Watch any marathon, and each runner will keep it up for 26.2 miles. Look more closely, however, and you’ll notice that the pace is not entirely consistent from mile to mile. Each works a little harder going up the hill and maybe recovers slightly coming down it. At the finish line, most accelerate and sprint at a pace that is not sustainable beyond the finish line.
Sustainable pace should mean the same to a Scrum team: Most of the time the team runs at a nice, even pace, but every now and then team members need to kick it up a gear, such as when nearing a finish line or perhaps attacking a critical, user-reported defect.
Working overtime occasionally does not violate the goal of working at a sustainable pace. Some overtime is justified. Do overtime only when we are in critical situation but do not to make it daily or frequent practice as it affects efficiency, productivity, morale and quality. Consistent and extended overtime is a symptom of a serious problem on the project. It is even more serious when overtime is scheduled into a plan.
Teams cannot be pushed infinitely hard and beyond a certain point, working more hours in a week will move the team backward rather than forward.
Don’t automatically assume overtime equates to actual progress or delivery of value. Often overtime just means that people are present longer, but they aren’t working more. Many studies, in different industries, have shown overtime hours to be far less productive than normal working hours.
When overtime is consistently required, we need to address the cause not just the symptoms. It is a learning opportunity of our capability to schedule and rethink how we reschedule. What is it about our scheduling approach that produced an incorrect plan? Agile is about inspecting and adapting our approach and learning as we go along.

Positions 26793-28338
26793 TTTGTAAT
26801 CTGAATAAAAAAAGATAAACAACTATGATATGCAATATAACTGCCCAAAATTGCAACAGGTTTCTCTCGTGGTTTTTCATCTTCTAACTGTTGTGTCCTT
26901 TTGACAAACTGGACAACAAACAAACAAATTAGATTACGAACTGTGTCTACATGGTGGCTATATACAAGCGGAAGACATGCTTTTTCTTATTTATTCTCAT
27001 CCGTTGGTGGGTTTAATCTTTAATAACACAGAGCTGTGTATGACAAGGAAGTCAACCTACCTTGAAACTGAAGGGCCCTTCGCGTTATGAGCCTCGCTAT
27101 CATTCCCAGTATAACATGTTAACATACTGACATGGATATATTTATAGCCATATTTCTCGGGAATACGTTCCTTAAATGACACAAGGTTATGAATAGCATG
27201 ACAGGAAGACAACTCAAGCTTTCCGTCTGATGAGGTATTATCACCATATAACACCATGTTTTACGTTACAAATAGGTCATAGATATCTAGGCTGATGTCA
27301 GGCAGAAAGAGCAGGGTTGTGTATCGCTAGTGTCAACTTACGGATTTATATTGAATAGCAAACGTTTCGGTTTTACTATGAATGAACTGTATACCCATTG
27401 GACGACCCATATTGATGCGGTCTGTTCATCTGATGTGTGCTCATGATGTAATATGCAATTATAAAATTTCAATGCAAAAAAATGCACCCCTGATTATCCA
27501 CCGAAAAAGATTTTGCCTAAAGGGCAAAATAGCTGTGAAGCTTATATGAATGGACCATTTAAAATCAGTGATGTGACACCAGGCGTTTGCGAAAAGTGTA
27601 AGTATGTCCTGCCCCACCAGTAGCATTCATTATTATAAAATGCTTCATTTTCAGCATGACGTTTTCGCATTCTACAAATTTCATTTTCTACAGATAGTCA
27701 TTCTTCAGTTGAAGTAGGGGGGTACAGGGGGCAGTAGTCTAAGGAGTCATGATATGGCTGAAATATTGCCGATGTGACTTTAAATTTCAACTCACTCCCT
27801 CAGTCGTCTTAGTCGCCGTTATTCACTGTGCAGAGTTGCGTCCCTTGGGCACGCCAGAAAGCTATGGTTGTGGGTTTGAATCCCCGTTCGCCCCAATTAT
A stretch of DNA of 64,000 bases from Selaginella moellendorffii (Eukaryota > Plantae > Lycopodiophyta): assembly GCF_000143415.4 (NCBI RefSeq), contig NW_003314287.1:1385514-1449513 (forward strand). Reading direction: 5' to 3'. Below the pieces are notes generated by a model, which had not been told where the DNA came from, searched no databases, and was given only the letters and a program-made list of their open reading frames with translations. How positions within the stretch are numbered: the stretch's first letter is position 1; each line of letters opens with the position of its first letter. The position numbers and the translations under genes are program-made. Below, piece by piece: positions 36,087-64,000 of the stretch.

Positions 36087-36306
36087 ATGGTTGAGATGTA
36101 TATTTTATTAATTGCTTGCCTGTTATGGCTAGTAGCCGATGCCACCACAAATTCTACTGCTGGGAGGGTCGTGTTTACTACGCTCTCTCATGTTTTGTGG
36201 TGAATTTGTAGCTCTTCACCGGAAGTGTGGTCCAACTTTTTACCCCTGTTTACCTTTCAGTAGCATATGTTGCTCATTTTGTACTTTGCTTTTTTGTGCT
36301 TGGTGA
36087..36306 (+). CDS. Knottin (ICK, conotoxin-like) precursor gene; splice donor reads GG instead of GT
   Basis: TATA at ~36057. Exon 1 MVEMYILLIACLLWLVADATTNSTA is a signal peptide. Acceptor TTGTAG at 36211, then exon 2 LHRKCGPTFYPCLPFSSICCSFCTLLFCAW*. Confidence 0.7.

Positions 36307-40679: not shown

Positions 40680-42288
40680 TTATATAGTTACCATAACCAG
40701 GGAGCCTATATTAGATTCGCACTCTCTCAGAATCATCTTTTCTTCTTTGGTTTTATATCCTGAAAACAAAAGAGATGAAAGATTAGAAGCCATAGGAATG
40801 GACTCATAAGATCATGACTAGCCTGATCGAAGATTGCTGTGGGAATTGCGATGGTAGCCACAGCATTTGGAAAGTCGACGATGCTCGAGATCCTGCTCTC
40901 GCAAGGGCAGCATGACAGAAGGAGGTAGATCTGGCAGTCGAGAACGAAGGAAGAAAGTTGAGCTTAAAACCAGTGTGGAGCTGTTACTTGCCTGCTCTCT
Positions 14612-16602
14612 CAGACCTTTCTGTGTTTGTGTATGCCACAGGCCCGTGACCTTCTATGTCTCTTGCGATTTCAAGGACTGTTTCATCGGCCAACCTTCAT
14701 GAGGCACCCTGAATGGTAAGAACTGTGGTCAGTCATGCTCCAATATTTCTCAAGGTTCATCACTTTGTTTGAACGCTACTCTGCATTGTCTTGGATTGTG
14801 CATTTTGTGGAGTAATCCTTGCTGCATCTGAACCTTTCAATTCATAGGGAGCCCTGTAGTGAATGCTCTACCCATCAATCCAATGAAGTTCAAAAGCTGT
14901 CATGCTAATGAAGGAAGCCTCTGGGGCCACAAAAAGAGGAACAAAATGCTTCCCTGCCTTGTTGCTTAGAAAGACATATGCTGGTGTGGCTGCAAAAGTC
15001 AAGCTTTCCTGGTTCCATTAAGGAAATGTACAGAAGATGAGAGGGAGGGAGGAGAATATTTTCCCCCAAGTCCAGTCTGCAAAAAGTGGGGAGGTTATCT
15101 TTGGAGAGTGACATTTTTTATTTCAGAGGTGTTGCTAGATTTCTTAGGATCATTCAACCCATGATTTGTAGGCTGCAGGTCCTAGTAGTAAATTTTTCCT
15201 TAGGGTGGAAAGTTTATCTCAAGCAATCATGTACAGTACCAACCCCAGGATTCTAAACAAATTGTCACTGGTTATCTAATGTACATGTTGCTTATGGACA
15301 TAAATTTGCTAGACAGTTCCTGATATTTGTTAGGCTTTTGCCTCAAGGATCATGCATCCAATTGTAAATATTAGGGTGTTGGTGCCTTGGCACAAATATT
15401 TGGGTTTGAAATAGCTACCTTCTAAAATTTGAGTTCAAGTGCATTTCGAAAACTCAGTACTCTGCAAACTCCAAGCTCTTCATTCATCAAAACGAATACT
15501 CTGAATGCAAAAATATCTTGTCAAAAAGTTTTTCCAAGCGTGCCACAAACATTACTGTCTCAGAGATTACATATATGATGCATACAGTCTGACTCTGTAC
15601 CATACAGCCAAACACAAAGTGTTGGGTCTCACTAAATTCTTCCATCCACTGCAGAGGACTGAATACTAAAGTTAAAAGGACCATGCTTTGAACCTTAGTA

Joe Townsend has written an article along the lines what I have been saying for a while now – in Agile there is no ‘best practice’, and as Townsend puts it
What works for you, your team, division, corporation, etc. can bring another person, team, etc. to a screeching halt.
In particular, one needs to be very careful when trying to take waterfall best practices and trying to apply it to an agile context. Many of waterfall concepts and best practices are counter-productive and ineffective on agile projects.
Its only semantics, but the term ‘best practice’ often means this is the best way to do things and trumps all other approaches. I prefer the use the words ‘lesson learned’ or ‘guidance’. What one or more teams have done, should be used as a lesson learned that is to be adapted to the environment you are applying it to and used as guidance. No practice will work for everyone or every team in every context.
Before applying a lesson learned or guidance, you should ask yourself does it make sense and does it align with agile values and principles? Does it help me deliver software more quickly to my customers? Does it help with achieving technical excellence? Remember to discuss with the team before using any lesson learned or guidance.
Despite that we are still yet to finish the current scope of work for the Agile Initiatives, we are starting to discuss future items in our backlog – distributed Agile and Agile@Scale.
There are a few projects in flight that couple of colleagues are working on that are large Agile programs of work. Large-Scale Agile by James Shore provides an insightful and thoughtful approach.
On a past project we used a similar technique mentioned in James Shore’s post to Using Bounded Contexts to Minimize Dependencies and Using Kanban to Manage Cross-Team Workflow. Though we didn’t use Kanban specifically, the outcome of the approach was similar – when the Team A is ready to work on something new, they took the next item off of the backlog, work on it until it’s done, and then delivered it to Team B that requested it. Where this feature is prioritized in Team A’s backlog is dependent on when Team B needed it.